Almost 42% of the natural gas and more than half of the oil produced in the U.S. Gulf of Mexico pre-Hurricane Laura remained shut-in on Monday, according to reports from 35 exploration and production companies.

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The Interior Department’s Bureau of Safety and Environmental Enforcement said as of 11:30 a.m. CT, 41.29% of gas produced was offline, or 1.119 Bcf/d. There also was 53.48% of oil still shut-in, or 989,414 b/d. That compares to Sunday, when 50% of the gas was offline, along with 70% of the oil.

About 18% of the offshore platforms, or 117, remained unmanned, along with two rigs, or 17%.

Turning power back online was proving difficult in hard-hit Lake Charles, LA, where the brunt of the Category 4 storm came ashore.   

As of early Monday, 305,000 customers still were without power across Louisiana, with another 58,000 estimated to be without power in Texas, according to the Department of Energy (DOE).

“Damage assessments and restoration efforts are underway across the affected region,” DOE said in an update. “Some of the hardest hit areas continue to have limited access due to flooding and/or debris.

“Full restorations for the most significantly damaged areas in western Louisiana could be extended, with full restoration for some portions of southwest Louisiana taking up to several weeks.”

More than 29,000 personnel from at least 29 states, the District of Columbia and Canada were supporting restoration efforts. Laura caused “significant damage to transmission infrastructure in Louisiana and Texas, especially in coastal areas,” which is a key priority for utilities to enable other phases of restoration, DOE noted.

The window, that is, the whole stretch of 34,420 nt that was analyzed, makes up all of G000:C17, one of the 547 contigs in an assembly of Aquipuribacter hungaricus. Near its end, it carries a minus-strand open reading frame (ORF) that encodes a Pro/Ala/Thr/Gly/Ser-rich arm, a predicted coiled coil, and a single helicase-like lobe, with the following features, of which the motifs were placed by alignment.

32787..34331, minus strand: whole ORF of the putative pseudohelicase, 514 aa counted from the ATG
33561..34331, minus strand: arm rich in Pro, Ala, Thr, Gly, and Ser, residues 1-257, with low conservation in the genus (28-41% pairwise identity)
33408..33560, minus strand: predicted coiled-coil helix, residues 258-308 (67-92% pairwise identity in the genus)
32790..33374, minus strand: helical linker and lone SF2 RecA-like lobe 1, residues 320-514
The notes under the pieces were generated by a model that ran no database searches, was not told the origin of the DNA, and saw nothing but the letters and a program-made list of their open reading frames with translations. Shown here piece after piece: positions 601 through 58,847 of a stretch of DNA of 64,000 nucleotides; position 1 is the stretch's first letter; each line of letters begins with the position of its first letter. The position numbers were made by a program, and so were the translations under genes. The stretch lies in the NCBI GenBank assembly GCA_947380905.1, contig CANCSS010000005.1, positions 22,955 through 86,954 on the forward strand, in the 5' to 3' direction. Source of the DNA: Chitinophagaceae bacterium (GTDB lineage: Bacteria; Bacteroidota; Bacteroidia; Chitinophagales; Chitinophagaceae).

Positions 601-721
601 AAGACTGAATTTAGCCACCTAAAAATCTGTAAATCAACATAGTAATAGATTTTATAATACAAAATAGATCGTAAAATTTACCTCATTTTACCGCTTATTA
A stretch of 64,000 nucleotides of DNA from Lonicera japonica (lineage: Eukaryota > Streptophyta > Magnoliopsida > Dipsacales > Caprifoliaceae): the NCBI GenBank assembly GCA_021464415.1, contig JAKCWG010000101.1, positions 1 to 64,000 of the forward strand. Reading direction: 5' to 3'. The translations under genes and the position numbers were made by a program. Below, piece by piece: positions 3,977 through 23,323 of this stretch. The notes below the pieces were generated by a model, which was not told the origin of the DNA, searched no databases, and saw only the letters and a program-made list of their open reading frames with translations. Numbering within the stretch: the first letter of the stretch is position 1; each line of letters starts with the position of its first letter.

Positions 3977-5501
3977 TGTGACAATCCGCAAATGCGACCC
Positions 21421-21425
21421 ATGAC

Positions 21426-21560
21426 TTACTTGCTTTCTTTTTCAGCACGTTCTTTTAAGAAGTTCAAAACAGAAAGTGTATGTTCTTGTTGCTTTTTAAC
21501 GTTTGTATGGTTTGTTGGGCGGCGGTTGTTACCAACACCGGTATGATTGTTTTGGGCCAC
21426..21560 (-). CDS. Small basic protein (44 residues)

Most of the ports in Texas and Louisiana, with the exception of Lake Charles, were getting back to business.

The Texas ports in Beaumont and Port Arthur reopened with some restrictions. Beaumont handles up to 365,000 b/d of oil, while Port Arthur can handle up to 358,000. Lake Charles when it is open handles up to 394,000 b/d of oil, DOE noted. 

Beaumont/Port Arthur area refineries also have begun restarting operations, “which could take more than a week,” according to DOE. Motiva Enterprises LLC, an affiliate of Saudi Refining Inc. and headquartered in Houston, is expected to begin bringing production back online in Port Arthur this week; the refinery is able to process around 607,000 b/d.

As forecast, more storms could be in offing, according to the National Hurricane Center. 

In a 1 p.m. CT tropical weather outlook issued Monday, forecasters said a “broad area of low pressure” associated with a tropical wave over  the central Caribbean Sea had remained disorganized since Sunday. 

“However, environmental conditions are expected  to gradually become more conducive for development, and a tropical  depression is likely to form during the next couple of days while the system moves westward at 15-20 mph. Interests in Jamaica, Honduras, Belize, Guatemala and the Yucatan peninsula should monitor the progress of this disturbance.”

An area of low pressure also was reported about 135 miles southeast of Wilmington, NC that “continues to be better organized” with a tropical depression expected to form later Monday.